Leamington Greenhouses Testing Robot Harvesters

Three Leamington area vegetable greenhouses are testing a robot to harvest produce and remove leaves from plants. The robot is being developed by University of Guelph professor Doctor Medhat Moussa. The prototype has visioning technology that allows it to identify ripe produce. It also has a pick-up arm that will let it gently – yet firmly – harvest the vegetables without damaging them. Blackburn AgriMedia story.

 

Dishing the dirt on Ontario’s most distinguished soil

Ontario is the latest province to officially designate an official provincial soil and, of the nearly 300 groups of soils available, the historically significant Guelph soil series has been awarded the title. Jeff Leal, the province’s minister of agriculture, food and rural affairs, made the recent announcement as a send-off to the United Nations Food and Agriculture Organization’s International Year of Soils. FCC Express post by Owen Roberts.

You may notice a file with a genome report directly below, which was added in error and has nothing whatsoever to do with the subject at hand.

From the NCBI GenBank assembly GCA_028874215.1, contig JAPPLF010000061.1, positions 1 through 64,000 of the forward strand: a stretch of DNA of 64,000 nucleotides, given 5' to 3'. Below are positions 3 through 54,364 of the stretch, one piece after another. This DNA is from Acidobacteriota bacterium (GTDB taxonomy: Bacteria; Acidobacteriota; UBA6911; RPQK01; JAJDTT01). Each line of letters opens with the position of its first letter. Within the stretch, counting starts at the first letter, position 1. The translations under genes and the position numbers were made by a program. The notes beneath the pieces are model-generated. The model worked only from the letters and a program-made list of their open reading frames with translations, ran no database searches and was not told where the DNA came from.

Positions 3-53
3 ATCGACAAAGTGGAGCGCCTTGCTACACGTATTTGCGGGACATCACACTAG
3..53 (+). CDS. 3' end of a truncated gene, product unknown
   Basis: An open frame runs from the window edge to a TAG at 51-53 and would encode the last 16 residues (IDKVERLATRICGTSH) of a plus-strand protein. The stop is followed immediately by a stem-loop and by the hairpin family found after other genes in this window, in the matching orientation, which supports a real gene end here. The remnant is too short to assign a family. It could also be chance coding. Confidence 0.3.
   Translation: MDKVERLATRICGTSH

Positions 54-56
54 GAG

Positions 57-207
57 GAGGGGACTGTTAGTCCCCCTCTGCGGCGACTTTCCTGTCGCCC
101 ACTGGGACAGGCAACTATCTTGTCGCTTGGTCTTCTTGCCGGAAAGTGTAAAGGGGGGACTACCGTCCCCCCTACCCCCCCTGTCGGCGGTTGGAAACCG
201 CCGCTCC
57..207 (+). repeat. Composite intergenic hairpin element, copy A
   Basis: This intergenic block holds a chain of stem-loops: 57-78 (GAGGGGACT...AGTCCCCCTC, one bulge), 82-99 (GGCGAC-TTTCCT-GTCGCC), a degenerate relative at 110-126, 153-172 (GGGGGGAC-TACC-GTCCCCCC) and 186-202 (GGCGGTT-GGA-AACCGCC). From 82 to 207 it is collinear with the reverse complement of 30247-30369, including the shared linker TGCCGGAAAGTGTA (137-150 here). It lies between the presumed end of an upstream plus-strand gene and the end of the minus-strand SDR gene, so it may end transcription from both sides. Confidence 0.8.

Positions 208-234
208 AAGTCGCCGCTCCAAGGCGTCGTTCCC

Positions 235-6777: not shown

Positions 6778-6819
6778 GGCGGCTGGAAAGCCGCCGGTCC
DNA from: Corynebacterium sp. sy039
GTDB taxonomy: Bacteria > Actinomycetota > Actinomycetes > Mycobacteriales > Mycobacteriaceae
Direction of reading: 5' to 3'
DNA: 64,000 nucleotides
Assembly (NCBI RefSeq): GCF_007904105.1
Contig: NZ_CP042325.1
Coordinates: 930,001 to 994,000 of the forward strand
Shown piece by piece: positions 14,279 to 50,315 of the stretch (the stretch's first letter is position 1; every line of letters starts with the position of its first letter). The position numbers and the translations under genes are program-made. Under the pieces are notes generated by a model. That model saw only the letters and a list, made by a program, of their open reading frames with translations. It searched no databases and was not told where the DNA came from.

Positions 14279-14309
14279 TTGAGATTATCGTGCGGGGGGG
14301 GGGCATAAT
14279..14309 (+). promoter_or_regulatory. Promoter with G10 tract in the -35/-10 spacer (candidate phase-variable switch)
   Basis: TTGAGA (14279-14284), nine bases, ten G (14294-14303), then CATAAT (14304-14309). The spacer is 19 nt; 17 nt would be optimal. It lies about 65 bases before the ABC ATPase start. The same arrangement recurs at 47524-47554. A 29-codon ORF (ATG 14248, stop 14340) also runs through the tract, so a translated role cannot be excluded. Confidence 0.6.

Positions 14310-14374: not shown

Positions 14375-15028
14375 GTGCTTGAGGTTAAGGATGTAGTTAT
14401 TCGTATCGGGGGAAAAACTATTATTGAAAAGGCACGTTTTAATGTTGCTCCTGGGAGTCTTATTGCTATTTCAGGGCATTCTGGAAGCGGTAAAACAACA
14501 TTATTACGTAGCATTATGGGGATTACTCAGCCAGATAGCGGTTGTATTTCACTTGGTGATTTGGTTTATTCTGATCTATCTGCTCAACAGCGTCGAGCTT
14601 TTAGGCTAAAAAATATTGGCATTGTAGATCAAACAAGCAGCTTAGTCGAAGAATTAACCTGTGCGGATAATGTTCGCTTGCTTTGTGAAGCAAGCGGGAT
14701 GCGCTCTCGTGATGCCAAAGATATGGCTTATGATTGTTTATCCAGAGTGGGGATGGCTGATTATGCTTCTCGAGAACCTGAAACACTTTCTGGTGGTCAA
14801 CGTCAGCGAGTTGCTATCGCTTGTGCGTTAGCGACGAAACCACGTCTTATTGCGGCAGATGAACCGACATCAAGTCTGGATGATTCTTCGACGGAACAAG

ALUS Looking For Environmentally-Friendly Grey Bruce Projects

The Alternative Land Use Service, or ALUS, provides matching start up funding and they’ll pay rent on land taken out of production. ALUS Grey Bruce coordinator Keith Reid says projects could include exclusion fencing, tree planting, and creating wetlands and buffer zones. “ALUS recognizes the fact that some of these environmental services are benefitting all of society and the costs shouldn’t be associated with the farmer alone,” says Reid. Blackburn AgriMedia story.

 

AND IF YOU HAVE TIME

 

Growing Local, Growing Strong! Building a Sustainable and Co-operative Food System